• 0
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        That is because she is ruled by an Iranian/Parse dynasty called Gada(phew)

        NaMo is the Way!!

      • 0
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        At least Indians are happy with what they have and don’t need to sell their mothers and daughters to the aggressive Arabs as slaves. you don’t need to talk of self respect as you have none bestiality mahawamse gonna.

        Like the international spam producers Nigeria’s you have learnt bullshitting from the British to lie to self but you cannot con the world that has seen history unfold.

        • 0
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          are you high or stupid or both ? There are many indians who work in the middle east as well

          • 0
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            you must stop licking so much cum there are Bangladeshi slaves like you therefore boru aryan sinhaya has taken over the task from them to make the aggressive arabs see human sense.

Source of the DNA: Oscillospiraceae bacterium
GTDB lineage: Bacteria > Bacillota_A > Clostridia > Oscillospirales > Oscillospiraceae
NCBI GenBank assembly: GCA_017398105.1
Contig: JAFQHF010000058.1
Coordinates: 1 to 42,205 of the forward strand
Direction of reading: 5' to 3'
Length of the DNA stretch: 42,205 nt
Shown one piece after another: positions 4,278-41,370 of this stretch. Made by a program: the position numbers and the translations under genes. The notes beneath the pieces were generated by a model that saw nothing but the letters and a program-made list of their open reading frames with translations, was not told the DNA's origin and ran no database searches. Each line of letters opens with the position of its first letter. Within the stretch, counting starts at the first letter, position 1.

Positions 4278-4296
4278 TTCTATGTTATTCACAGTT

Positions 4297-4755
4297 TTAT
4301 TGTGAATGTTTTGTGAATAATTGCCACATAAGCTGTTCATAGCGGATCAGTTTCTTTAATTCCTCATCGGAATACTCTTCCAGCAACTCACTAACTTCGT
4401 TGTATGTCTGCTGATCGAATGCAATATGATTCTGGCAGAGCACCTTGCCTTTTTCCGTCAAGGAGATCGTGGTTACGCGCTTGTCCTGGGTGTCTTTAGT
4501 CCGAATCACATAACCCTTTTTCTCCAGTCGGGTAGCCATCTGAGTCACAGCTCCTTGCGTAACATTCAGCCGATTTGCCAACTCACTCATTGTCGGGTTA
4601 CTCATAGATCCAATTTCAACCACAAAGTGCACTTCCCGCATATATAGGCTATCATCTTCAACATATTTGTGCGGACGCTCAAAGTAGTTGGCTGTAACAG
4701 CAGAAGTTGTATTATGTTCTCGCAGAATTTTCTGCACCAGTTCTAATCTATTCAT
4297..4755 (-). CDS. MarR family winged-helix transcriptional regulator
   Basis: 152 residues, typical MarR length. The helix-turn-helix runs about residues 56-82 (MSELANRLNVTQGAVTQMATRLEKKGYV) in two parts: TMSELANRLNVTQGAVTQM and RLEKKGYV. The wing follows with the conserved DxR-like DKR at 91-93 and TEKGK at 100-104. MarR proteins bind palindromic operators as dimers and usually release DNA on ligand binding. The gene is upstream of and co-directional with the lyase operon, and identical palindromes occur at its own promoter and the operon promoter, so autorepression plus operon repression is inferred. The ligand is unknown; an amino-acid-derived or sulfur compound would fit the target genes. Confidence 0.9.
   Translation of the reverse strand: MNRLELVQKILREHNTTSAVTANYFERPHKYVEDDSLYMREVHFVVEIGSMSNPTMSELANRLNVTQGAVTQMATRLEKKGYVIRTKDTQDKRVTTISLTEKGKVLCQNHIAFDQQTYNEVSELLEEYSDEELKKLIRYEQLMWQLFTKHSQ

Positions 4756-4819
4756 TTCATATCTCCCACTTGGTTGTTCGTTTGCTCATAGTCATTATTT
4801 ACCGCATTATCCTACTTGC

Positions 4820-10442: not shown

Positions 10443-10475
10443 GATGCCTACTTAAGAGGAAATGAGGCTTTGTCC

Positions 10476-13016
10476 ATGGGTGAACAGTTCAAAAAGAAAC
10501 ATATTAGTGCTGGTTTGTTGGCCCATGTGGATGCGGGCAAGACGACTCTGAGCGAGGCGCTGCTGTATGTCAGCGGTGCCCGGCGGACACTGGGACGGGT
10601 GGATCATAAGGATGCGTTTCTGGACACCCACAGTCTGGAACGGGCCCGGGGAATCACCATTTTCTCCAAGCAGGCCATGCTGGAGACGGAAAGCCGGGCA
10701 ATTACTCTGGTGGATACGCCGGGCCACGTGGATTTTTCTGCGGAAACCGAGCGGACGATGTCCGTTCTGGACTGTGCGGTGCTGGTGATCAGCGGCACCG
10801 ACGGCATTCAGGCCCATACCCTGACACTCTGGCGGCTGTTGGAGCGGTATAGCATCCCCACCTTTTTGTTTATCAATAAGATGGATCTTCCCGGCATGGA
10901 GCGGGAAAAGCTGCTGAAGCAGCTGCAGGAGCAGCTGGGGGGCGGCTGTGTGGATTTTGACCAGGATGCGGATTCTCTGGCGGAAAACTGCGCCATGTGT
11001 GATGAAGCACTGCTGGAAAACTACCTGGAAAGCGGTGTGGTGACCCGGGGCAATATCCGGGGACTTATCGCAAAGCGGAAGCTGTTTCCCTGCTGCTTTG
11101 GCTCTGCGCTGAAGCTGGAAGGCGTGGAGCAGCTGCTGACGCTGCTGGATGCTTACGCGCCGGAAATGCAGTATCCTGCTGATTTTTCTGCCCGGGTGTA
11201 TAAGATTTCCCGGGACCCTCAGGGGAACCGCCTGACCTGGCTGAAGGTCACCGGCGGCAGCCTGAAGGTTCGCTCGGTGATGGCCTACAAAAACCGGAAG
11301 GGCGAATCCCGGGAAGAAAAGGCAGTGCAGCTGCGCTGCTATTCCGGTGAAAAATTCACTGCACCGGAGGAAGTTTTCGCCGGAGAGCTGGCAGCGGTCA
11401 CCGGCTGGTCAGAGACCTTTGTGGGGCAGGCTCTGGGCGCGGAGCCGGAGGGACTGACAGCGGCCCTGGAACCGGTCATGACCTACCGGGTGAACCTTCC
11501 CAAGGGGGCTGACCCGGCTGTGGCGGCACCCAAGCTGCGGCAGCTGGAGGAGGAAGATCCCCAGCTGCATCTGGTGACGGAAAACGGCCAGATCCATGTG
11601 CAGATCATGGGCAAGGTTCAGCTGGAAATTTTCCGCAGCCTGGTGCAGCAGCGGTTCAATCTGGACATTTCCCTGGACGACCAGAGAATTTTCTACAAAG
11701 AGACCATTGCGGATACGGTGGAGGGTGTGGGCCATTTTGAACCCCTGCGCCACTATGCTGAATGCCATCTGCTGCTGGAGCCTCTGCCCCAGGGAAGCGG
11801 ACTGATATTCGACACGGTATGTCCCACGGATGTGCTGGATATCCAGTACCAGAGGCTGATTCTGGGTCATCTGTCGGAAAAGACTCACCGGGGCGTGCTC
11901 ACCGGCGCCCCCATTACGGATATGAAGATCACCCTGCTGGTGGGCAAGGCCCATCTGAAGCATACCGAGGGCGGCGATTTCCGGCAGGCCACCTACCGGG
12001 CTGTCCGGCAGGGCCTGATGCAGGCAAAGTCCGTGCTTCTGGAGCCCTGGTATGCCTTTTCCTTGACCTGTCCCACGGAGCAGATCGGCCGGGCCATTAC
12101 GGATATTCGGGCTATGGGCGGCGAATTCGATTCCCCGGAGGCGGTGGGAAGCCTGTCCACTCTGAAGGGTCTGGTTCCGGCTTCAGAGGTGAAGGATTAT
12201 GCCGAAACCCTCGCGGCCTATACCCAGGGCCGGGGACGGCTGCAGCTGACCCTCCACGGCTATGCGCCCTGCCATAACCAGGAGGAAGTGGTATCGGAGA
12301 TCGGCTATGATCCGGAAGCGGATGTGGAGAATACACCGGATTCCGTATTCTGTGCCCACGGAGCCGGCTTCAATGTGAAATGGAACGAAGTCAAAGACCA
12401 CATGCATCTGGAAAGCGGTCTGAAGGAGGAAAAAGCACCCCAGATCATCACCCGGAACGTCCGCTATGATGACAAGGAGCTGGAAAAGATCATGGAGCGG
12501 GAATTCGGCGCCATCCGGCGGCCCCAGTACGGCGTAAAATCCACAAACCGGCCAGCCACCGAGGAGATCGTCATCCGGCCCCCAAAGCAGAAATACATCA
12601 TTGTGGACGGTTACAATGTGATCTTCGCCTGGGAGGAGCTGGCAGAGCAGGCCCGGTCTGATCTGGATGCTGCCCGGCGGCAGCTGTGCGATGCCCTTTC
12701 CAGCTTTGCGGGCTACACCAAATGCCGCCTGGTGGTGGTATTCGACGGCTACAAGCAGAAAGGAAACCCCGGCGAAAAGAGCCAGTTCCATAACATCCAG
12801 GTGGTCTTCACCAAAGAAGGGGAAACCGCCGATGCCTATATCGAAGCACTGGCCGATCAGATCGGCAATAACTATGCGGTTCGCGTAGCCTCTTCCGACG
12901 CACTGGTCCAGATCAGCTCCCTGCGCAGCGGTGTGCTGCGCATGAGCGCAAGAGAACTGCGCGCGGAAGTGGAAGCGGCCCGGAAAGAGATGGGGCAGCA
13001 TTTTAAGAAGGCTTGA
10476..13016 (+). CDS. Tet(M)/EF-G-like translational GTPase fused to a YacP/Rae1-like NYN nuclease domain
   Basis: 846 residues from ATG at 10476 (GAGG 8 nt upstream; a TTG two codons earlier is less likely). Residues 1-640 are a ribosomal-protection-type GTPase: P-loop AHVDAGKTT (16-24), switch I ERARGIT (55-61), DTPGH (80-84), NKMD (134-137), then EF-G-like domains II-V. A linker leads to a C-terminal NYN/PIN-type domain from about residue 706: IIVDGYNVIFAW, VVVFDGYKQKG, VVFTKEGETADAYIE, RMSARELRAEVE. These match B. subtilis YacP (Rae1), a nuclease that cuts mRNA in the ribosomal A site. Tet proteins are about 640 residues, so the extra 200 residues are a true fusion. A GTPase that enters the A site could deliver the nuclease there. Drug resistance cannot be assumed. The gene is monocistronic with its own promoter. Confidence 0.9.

Your problem is gamayata magic went out as worker to the west got rejected and back with an attitude that defeats you.

  • 4
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    .
    “….The very idea of democracy, which was alive even at the worst of the North and East conflict, seems most at risk now…..”…….
    >
    >
    Very well said.
    >
    >
    :-)

  • 0
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    [Edited out]

    • 0
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      “|”are you high or stupid or both ?”|”

      Who is?? Who is??